Monday, September 22, 2008

"A Book To Keep Music Critics Honest"

"My Music; Explorations of Music in Daily Life"; the book doesn't merit an outstanding review, but the write-up is intriguing.

Hanslick's Vacuum Jar

On p. 25 of Hanslick's On the Musically Beautiful (Payzant translation), he refers to "a bird in a vacuum jar." I thought you'd be interested to know that Hanslick was referring to a famous set of experiments that helped define the emergence of the scientific thought associated with the Enlightenment--a mode of thought clearly vital to Hanslick's conception of aesthetics. Here is one description of it:

J Appl Physiol 98: 31-39, 2005;


“Robert Boyle’s landmark book of 1660 with the first experiments on rarified air”

John B. West

Department of Medicine, University of California San Diego, La Jolla, California

In 1660, Robert Boyle (1627–1691) published his landmark book New Experiments Physico-Mechanicall, Touching the Spring of the Air, and its Effects... in which he described the first controlled experiments of the effects of reducing the pressure of the air. Critical to this work was the development of an air pump by Boyle with Robert Hooke (1635–1703). For the first time, it was possible to observe physical and physiological processes at both normal and reduced barometric pressures. The air pump was described in detail, although the exact design of the critical piston is unclear. Boyle reported 43 separate experiments. . . .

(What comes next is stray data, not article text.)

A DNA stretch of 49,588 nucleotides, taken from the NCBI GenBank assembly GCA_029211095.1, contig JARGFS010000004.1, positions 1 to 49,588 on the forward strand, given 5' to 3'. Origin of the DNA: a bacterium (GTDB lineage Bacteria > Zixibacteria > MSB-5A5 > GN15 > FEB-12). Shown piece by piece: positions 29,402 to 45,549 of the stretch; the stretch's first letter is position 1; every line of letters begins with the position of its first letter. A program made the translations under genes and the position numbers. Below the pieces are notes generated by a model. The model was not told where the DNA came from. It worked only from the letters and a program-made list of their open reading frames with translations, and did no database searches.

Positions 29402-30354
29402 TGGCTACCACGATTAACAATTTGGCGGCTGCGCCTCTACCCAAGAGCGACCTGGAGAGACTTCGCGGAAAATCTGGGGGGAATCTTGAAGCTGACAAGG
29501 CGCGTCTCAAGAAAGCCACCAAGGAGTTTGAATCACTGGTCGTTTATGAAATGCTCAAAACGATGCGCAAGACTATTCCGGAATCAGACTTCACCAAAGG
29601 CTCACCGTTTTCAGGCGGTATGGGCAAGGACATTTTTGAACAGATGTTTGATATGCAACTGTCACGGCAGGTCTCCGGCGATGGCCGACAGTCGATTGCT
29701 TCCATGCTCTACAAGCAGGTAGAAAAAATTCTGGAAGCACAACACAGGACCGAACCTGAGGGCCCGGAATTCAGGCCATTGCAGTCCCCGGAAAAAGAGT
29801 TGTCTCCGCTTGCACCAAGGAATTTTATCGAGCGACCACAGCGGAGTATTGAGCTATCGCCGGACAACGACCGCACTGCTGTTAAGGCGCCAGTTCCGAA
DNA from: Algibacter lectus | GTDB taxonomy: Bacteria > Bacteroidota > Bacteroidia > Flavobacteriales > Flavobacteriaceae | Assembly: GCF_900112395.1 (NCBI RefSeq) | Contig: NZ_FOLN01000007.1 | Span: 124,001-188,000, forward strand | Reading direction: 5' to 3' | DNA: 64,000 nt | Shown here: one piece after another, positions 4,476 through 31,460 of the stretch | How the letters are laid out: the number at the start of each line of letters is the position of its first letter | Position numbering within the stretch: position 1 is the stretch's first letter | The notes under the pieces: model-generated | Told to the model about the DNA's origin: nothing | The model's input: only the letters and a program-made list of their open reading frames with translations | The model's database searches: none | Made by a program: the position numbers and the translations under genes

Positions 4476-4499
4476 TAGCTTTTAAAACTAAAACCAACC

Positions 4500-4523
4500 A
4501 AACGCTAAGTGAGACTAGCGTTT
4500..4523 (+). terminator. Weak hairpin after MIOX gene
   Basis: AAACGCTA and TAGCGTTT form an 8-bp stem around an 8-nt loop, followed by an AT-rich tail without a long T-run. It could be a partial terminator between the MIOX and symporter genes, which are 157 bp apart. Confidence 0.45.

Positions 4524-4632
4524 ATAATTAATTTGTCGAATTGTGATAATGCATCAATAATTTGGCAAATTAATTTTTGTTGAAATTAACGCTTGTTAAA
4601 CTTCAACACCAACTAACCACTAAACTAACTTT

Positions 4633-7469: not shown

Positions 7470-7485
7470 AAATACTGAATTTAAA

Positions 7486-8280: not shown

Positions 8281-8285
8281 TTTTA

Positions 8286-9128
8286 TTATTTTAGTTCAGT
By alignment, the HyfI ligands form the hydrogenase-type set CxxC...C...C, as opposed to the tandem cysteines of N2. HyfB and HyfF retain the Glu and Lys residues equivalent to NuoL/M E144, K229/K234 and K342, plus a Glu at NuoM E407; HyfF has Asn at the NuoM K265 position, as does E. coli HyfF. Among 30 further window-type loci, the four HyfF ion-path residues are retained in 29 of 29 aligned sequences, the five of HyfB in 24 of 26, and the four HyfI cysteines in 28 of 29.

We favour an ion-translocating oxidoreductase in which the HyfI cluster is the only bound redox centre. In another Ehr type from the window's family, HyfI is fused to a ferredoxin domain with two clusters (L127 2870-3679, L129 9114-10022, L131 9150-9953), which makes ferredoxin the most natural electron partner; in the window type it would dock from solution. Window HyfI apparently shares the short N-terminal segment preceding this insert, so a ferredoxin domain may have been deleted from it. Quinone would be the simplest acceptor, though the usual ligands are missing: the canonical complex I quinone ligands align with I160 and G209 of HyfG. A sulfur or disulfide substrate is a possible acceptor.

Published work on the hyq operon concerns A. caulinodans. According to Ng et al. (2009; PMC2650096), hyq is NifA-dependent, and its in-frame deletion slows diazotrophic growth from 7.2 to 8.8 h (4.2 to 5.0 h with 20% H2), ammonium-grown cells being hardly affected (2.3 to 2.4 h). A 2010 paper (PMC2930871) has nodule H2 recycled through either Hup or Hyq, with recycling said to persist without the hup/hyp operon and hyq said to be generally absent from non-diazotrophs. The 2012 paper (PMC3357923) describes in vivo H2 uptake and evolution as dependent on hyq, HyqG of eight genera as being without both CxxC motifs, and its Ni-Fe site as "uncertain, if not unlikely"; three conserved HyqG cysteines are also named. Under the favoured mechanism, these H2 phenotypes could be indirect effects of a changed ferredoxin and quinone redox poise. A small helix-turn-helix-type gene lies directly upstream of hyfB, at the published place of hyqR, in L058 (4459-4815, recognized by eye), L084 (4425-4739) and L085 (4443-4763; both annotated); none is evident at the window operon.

[B]y early 1659 Boyle had a much-improved air pump and was ready for experiments. The pump was designed and constructed by Robert Hooke (1635–1703), who was a mechanical genius. He made important contributions to an extremely wide field, including microscopy, horology, mechanics, and architecture. Boyle hardly mentioned Hooke in the 1660 book, but later he acknowledged the great contributions of his assistant. In fact, it seems likely that a number of the experiments described in the 1660 book owed their origin to Hooke’s interests. . . .